Cookbook focuses on Korean food
The Honolulu Star Advertiser and Mutual Publishing are doing a series of cookbooks exploring Hawaii’s ethnic foods. The first cookbook launched is “Hawaii Cooks: A Korean Kitchen” cookbook by Joan Namkoong. Joan, a fellow foodie and member of Les Dames d’ Escoffier, worked for the Honolulu Advertiser and is currently a freelance writer living on the Big Island.
Joan traces back her family from her maternal grandparents coming from Seoul, South Korea, and her father from Hongchun, Kangwondo Province. Her parents were married in San Francisco in 1943 and moved to Hawaii after World War II.
On July 26, 1952, Joan’s father opened Korean Garden Restaurant on Ala Moana Boulevard, one of the earliest Korean restaurants in Hawaii.
“A Korean Kitchen Cookbook” is fun to read because Joan has a story with every recipe. One story that was interesting, on page 34, is about the tofu lees or dregs. It is called “okara” in Japanese and is one of my favorite, inexpensive dishes. In Korean, “okara” is called “piji.”
“I remember my dad bringing paper bags full of piji home like a prize find from the tofu factory where it was to be discarded or given to pig farmers. My mother would cook it with pork and sour kimchi; eaten over rice it is a hearty and delicious dish that is often overlooked today,” Joans says in her book.
Soybean Dreg Stew
3 ounces ground pork
8 ounces tofu lees
1 cup sour kimchi
2 cups pork stock or water
2 tablespoons (or more) kochu jang (chili pepper paste)
1 tablespoon soy sauce
2 green onions, coarsely chopped
In a medium saucepan, brown the ground pork over medium high heat. Add the tofu lees, kimchi, and water and mix together. Add the kochu jang and soy sauce and blend well. Bring to a boil; lower heat and simmer for 10 minutes. Add the green onions and cook an additional 2 minutes. Serve with hot rice.
When you think of Korean food, you automatically think of kimchi. Joan says kimchi came with the Korean immigrants in the early 1900s. I can only imagine how the ships smelled after the long voyages!
“The first company to make and sell kimchi in Hawaii as Joe Kim. Joe was the oldest som of Chin Wha and Theresa So Chun Kim, he was an immigrant sugar plantation worker, she his picture bride. The family grew won bok in Kalihi Valley in the 1930s. One day, a freak hailstorm damaged the crop and Joe suggested that his mother make kimchi with the cabbage that could be salvaged. Theresa Kim did just that and began peddling her kimchi to vegetable stands. Eventually they bottled the kimchi under the name Diamond Kimchi, later renamed Joe Kim’s.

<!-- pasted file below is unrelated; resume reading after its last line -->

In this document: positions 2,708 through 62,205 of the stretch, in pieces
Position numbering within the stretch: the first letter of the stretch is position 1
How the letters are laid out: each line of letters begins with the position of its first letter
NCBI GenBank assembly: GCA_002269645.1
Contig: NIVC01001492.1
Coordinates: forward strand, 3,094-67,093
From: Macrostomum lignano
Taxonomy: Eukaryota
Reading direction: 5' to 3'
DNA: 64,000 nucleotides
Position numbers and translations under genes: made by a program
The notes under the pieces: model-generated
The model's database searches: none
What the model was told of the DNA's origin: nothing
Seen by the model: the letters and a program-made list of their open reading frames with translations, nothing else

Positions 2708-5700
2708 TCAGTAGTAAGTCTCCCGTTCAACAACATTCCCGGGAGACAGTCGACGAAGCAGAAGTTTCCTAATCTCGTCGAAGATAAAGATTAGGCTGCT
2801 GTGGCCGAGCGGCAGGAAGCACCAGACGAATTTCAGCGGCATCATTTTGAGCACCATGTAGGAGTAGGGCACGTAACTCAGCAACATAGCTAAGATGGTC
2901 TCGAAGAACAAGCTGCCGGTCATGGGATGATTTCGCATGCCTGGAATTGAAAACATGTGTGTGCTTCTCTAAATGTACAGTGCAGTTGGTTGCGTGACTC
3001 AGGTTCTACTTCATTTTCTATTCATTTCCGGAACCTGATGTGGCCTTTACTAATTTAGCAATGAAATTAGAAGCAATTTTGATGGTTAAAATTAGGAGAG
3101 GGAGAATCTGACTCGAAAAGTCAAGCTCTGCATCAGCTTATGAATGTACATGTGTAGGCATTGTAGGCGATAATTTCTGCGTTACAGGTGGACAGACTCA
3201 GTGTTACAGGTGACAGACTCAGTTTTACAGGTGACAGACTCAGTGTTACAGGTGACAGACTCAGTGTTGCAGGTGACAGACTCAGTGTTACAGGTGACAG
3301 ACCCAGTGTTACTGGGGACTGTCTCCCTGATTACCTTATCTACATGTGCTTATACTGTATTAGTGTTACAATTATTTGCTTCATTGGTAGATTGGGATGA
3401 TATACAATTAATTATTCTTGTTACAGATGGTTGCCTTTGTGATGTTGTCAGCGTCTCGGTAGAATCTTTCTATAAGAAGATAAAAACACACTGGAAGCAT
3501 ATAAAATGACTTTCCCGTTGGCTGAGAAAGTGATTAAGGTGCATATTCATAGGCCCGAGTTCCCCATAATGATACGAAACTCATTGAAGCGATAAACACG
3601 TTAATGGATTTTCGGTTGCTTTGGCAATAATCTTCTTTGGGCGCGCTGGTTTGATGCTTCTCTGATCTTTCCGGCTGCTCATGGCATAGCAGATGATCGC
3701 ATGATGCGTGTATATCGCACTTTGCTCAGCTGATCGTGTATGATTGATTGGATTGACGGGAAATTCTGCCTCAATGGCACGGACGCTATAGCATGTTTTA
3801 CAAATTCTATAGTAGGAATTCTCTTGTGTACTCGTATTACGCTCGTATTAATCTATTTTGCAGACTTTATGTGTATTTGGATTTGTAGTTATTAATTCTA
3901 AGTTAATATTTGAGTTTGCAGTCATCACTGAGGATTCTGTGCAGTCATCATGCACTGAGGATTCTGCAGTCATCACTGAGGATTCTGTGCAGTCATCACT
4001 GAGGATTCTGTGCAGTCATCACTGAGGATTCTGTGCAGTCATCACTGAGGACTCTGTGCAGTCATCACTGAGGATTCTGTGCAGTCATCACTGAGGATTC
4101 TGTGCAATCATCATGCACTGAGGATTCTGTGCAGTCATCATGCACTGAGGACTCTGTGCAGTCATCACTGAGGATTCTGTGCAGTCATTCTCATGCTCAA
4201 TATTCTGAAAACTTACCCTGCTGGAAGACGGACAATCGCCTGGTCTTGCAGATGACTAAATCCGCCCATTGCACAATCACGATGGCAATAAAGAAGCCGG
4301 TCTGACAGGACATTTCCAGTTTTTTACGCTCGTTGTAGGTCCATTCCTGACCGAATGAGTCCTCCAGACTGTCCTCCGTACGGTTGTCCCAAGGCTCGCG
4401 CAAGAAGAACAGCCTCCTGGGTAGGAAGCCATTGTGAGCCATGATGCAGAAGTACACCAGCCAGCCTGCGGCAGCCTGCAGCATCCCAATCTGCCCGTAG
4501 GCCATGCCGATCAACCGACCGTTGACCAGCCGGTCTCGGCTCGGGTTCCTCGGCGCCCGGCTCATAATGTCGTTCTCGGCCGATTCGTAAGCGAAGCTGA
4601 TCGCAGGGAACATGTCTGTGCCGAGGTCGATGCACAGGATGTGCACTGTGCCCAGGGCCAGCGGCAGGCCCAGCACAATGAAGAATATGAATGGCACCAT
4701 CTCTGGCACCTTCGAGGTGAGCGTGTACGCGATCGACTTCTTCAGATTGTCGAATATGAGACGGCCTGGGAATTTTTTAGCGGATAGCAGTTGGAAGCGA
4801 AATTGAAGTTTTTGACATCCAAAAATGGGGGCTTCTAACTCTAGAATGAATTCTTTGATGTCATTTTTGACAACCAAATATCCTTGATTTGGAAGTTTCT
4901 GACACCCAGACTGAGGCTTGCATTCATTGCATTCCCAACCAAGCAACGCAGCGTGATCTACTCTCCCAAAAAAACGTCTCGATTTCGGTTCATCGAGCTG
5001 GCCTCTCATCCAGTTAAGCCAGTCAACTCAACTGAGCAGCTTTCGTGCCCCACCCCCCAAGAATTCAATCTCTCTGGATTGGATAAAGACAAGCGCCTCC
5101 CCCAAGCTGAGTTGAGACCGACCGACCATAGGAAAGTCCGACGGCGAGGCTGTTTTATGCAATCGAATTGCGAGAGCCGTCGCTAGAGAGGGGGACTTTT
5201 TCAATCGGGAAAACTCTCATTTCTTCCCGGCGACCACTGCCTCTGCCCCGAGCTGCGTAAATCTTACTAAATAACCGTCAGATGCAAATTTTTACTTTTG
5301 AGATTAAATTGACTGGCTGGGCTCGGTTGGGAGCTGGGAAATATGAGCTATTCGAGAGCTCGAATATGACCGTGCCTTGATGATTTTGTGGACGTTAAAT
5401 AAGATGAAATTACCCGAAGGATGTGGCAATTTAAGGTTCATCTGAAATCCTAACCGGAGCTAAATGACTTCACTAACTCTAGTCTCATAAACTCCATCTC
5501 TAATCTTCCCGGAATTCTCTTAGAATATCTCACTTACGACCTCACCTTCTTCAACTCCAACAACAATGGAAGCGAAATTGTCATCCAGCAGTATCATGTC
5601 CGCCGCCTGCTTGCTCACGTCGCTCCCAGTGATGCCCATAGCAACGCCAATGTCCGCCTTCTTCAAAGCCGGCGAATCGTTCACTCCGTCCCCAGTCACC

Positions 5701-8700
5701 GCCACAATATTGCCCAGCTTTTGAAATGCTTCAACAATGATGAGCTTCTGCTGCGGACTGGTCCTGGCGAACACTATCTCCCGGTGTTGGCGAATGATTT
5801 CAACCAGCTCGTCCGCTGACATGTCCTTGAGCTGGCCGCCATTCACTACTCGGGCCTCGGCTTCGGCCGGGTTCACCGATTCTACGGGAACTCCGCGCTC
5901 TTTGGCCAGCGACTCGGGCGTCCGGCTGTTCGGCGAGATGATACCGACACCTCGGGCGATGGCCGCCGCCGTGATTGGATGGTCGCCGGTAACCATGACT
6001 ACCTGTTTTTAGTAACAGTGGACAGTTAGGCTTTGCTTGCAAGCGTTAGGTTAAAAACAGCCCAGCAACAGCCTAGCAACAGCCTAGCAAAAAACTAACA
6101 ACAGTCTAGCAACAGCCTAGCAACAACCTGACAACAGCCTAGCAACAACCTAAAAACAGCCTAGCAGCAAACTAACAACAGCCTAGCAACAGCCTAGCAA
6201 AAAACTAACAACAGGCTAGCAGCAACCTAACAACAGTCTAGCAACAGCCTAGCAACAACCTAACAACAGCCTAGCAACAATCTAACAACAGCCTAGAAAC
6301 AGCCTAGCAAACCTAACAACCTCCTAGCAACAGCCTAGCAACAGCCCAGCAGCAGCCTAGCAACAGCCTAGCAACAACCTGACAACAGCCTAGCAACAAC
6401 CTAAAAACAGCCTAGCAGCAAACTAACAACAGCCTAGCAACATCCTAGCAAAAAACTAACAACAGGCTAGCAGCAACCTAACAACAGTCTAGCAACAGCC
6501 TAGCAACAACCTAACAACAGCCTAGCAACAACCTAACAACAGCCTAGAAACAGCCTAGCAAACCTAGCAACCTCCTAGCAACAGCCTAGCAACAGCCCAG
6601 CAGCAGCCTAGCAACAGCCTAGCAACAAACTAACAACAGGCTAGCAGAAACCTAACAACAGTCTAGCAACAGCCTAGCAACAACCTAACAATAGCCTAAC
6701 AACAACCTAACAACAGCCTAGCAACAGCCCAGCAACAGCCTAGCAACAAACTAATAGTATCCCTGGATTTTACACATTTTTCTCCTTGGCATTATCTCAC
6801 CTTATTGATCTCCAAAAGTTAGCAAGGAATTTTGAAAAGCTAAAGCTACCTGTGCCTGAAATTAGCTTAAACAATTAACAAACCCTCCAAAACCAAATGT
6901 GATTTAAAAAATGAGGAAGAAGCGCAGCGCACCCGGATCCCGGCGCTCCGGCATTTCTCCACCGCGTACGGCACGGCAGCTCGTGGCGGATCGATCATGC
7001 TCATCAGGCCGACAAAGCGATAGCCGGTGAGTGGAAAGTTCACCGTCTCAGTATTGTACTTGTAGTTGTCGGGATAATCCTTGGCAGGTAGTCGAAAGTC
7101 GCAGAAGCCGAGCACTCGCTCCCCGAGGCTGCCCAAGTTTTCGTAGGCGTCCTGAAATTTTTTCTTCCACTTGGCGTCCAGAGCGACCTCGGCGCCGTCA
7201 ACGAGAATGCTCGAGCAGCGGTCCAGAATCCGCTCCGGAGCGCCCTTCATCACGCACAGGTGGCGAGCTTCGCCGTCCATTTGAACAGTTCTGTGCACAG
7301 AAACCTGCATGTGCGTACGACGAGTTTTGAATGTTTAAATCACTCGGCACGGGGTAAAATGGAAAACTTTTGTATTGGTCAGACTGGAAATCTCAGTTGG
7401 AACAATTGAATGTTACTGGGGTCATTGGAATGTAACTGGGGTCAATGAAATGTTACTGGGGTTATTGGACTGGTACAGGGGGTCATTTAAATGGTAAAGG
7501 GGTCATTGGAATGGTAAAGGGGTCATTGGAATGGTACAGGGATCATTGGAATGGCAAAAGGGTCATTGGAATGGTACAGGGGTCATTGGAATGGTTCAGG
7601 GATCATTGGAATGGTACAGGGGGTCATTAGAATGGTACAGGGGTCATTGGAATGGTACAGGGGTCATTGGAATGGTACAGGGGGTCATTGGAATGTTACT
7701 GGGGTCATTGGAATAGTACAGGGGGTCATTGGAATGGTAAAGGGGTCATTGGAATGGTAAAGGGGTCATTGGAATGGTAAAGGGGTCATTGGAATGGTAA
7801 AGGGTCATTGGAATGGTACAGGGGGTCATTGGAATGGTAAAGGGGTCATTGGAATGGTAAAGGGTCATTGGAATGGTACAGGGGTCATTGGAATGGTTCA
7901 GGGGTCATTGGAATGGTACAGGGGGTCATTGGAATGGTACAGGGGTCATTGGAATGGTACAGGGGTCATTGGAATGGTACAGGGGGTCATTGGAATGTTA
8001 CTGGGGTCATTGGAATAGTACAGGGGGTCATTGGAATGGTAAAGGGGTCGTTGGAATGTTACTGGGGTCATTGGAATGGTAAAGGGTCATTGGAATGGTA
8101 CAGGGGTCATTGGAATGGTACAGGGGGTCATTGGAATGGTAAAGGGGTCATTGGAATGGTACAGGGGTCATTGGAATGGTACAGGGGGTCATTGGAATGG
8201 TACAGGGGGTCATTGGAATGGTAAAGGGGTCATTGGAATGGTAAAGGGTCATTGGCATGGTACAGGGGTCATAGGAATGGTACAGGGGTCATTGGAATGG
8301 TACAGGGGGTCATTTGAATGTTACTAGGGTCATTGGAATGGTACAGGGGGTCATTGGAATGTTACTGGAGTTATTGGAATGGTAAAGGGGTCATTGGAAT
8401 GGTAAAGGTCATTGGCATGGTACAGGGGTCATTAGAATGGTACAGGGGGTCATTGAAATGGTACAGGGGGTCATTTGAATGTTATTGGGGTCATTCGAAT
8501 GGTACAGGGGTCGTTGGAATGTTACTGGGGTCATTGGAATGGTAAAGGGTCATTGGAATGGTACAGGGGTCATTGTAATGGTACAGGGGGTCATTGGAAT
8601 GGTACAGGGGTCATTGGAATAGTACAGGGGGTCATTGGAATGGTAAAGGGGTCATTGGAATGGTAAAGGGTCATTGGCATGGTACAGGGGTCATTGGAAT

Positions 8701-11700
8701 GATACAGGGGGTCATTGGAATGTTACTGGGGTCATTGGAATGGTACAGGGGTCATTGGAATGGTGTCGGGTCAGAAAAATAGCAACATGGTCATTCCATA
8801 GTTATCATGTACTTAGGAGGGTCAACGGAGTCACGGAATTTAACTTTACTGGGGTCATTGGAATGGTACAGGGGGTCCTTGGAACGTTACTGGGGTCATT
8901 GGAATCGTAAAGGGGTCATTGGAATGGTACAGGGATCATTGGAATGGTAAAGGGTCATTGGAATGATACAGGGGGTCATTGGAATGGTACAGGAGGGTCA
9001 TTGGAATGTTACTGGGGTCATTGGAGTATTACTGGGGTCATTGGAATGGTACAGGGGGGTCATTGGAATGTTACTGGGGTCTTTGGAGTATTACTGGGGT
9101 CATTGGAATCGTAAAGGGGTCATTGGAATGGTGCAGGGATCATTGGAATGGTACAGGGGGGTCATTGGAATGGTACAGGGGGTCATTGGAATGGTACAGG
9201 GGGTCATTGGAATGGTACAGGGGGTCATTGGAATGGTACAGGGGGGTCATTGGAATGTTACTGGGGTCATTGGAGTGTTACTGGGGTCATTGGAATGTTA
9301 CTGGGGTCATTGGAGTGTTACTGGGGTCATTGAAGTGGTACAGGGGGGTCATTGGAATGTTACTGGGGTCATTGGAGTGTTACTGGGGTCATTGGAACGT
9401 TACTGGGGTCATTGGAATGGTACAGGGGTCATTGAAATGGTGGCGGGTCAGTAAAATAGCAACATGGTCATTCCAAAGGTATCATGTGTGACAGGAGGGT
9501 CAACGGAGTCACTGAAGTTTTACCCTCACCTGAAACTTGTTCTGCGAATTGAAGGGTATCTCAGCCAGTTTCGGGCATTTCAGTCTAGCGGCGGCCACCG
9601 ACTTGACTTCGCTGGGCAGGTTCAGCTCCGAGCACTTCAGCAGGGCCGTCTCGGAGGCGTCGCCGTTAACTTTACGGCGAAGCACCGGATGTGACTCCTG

“In 1949, Hannah Liu founder Kohala Kimchi in Kapaau on the island of Hawaii. Keaau Kimchi, started by Ya Mul Kim, began around the same time on the opposite side of the island. In 1955, Helen Hahm started Halm’s Kimchi and expanded her market to the U.S. mainland.”
The most popular kimchi at the market is the won bok kimchi or “paechu kimchi.”
Won Bok Kimchi
Makes 1 quart
1 head won bok, (Chinese cabbage) about 2 pounds
2 tablespoon salt
2 cloves garlic, finely minced
2 teaspoon finely minced ginger
¼ cup green onion, about 2 stalks
2 tablespoon kochu karu (chili pepper powder)
1 tablespoon fish sauce
Remove outer leaves of won bok and rinse. Cut won bok crosswise in 2-inch pieces. Place won bok in a large bowl, sprinkle with salt and toss together. Let stand for 3 to 4 hours or until won bok is wilted and has lost some of its crunchiness.
Drain the won bok in a colander and rinse, tossing well under the water to remove the salt. Drain and return won bok to large bowl.
Add the remaining ingredients to the won bok and mix well. Pack kimchi into a jar and cover. Let stand on kitchen countertop for a day before refrigerating. If you want your kimchi to sour quickly, do not refrigerate but leave on the counter. Within a couple of days the kimchi will turn sour.
Joan’s interpretation of the famous one-dish Korean meal “pibimpap — literally, mixed up rice — is a popular dish today: an assortment of vegetables and meat served on a bed of rice, topped with a sunny side egg and garnished with kochu jang. It is served with flourish, sometimes in a hot stone pot that makes the rice sizzle at the bottom, turning the rice into a brown, crusty crust.
“While some might say this was a dish of the royal palace, pibimpap could have started more humbly like the Korean fried rice I grew up on. Consider that a Korean meal consists of many pnachan or side dishes. What to do with all those leftovers after the meal? Arrange them attractively on top of rice, of course, fry up an egg to add a little more protein and serve it with a spicy sauce. The Korean diner, of course, mixes it all up before eating it with a spoon-just like mom did in the frying pan!”
Hawaii Community College’s Hilo Cafeteria is a great place for a great, inexpensive lunch. Call them at 934-2559 for “spooky” specials for Halloween on Thursday.
This Saturday is the Lilikoi Festival at the Hawaiian Paradise Park Activity Center in Keaau. Come to check out the food and fun from 10a.m. Contestants start bringing their dishes from 8 a.m.
Sunday is the KTA Super Stores Kona Coffee Festival Recipe Contest being held at the Sheraton Kona Resort and spa from 12:30-3:30p.m.
Sunday evening, the Hilo Hospital Foundation’s Annual Wine and Cheese event is being held at Hilo Hawaiian Hotel at 6 p.m.
It’s a busy weekend for foodies!
The Hawaii Honey Festival is Nov. 23 at Nani Mau Gardens from 11a.m. to 5 p.m. Check out www.hawaiihoneyfestival.com for details.
Please feel free to e-mail me at firstname.lastname@example.org if you have a question. Bon appetit until next week.
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